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“A large check is a glorious thing, don’t you think?” Mayor Bill de Blasio asked at a recent press conference, standing near one of those Price Is Right–style gag checks. He was visiting a somnolent street in Bay Ridge, Brooklyn, to remind the aggrieved middle-class homeowners here of the good work he’s getting done at City Hall. After all, a $183 credit on water and sewer bills isn’t nothing, right? The dollar amount was highlighted in yellow and circled in red. It was begging to be noticed.
Predictably, it wasn’t. Instead, de Blasio, whose knee-jerk self-righteousness and patrician hauteur often keep him from becoming a truly sympathetic figure, endured another round of skewering from the assembled reporters, taking seven questions on the scandals now swamping his mayoralty. News of the water credit was promptly drowned out. Peeved, or appearing that way, he cut off the April 25 presser as quickly as he could and loped to a waiting SUV.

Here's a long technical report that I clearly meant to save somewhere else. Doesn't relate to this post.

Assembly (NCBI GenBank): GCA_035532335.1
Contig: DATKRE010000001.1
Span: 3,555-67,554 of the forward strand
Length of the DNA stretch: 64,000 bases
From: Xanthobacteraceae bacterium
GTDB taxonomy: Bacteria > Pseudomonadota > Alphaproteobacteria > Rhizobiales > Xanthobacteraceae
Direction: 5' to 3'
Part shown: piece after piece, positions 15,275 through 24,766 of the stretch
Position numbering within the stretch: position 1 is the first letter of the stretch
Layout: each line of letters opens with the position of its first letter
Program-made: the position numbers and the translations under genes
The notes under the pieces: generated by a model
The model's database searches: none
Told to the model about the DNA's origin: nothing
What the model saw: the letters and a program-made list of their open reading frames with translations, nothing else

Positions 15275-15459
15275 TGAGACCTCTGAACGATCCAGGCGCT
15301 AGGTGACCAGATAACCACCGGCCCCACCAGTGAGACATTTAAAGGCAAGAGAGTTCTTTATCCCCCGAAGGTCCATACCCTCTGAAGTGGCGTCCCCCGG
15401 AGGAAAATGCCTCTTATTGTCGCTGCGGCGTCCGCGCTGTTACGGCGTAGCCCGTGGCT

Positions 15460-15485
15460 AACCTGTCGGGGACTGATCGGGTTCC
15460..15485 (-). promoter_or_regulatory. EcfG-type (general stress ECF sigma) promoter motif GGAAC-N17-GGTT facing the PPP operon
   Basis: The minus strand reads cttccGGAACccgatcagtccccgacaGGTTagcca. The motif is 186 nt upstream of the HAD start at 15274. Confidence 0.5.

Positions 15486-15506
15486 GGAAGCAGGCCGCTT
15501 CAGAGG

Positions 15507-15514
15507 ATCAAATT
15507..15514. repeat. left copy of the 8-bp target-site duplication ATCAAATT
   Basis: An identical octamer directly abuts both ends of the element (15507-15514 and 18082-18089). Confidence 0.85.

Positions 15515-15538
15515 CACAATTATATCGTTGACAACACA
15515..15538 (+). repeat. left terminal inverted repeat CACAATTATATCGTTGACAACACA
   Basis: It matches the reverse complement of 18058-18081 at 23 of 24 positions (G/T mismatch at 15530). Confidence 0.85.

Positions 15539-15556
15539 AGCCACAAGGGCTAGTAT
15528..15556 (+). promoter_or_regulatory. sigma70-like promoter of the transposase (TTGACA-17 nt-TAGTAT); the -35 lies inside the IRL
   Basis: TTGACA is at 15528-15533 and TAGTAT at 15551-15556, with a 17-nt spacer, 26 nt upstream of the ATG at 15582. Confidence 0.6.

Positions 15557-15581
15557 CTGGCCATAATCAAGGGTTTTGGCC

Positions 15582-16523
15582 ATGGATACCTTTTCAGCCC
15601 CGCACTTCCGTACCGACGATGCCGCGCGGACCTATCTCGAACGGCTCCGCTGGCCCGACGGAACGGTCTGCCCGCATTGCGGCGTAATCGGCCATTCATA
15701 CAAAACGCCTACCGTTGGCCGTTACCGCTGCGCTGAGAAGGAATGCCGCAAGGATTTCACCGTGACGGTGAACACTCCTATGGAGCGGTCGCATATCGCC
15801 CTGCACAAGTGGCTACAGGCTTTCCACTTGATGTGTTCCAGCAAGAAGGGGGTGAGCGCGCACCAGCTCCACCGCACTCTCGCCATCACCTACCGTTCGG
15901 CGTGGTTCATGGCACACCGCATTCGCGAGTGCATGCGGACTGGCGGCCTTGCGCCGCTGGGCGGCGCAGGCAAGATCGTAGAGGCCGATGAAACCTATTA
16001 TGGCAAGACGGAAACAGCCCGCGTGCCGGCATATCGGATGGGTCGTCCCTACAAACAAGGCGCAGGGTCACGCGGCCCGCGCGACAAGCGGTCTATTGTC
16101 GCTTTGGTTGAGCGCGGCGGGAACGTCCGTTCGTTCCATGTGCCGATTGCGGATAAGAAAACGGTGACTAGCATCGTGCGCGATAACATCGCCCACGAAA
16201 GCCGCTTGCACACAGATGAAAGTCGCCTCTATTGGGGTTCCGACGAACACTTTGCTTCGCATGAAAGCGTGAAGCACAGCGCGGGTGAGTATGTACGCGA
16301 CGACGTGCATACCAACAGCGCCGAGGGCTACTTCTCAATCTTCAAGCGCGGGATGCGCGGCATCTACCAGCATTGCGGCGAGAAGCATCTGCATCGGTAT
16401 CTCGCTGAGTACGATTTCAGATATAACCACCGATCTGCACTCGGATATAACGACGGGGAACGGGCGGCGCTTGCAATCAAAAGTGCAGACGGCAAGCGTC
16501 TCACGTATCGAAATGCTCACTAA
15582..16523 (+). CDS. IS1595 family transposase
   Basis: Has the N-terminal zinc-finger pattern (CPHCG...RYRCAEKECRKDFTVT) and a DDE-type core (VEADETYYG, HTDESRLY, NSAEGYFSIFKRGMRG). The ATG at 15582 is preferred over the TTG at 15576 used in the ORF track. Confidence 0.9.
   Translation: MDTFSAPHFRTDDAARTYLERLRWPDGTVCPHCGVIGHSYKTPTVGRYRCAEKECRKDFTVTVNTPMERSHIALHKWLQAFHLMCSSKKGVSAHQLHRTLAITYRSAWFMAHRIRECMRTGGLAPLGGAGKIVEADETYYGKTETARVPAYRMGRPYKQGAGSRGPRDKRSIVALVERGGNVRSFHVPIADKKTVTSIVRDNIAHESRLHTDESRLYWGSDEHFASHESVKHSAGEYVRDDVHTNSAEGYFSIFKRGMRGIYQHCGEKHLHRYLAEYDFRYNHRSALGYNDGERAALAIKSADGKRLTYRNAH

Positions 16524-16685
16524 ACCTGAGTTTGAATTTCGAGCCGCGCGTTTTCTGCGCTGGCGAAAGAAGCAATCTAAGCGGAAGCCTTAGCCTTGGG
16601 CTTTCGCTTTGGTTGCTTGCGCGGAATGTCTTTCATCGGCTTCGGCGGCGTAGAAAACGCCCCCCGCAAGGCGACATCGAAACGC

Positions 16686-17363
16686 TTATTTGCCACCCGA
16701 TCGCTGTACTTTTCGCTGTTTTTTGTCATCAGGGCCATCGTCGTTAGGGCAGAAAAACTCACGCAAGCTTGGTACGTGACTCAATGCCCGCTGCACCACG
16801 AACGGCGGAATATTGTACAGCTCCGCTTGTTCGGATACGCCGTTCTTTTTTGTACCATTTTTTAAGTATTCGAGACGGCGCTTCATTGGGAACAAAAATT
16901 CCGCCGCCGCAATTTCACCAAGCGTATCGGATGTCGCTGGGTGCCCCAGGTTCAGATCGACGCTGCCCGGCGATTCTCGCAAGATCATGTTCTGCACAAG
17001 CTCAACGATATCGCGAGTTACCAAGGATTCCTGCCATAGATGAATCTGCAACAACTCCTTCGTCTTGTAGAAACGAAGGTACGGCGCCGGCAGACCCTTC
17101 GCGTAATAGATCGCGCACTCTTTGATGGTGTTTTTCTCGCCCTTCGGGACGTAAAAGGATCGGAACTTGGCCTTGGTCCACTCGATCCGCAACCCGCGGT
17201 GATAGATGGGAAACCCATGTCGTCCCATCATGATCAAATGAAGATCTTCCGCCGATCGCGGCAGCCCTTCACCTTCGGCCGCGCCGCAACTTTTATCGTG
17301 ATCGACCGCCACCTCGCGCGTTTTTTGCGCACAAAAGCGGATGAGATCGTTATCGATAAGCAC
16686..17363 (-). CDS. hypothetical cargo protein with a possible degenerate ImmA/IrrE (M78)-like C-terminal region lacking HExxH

These are heady times for de Blasio haters, of whom there is no shortage. There are overlapping federal and state investigations (of varying merit) into the fundraising he did for a failed effort to help Democrats retake control of the state senate in 2014, a land deal that resulted in a Lower East Side nursing home being turned into luxury condos, gifts offered to NYPD officers, and his relationship to donors who wanted to see horse-drawn carriages banned from Central Park. No one’s been charged with any wrongdoing, but that doesn’t matter when it comes to how the news is framed, especially in the tabloids. After a first year defined by the back-turning insurrection of the NYPD and a second year consumed by an acid feud with Governor Andrew Cuomo, year three may be the worst yet. Top aides have been subpoenaed. From February to April, de Blasio’s approval rating dropped ten points. Few people will go on the record to defend him.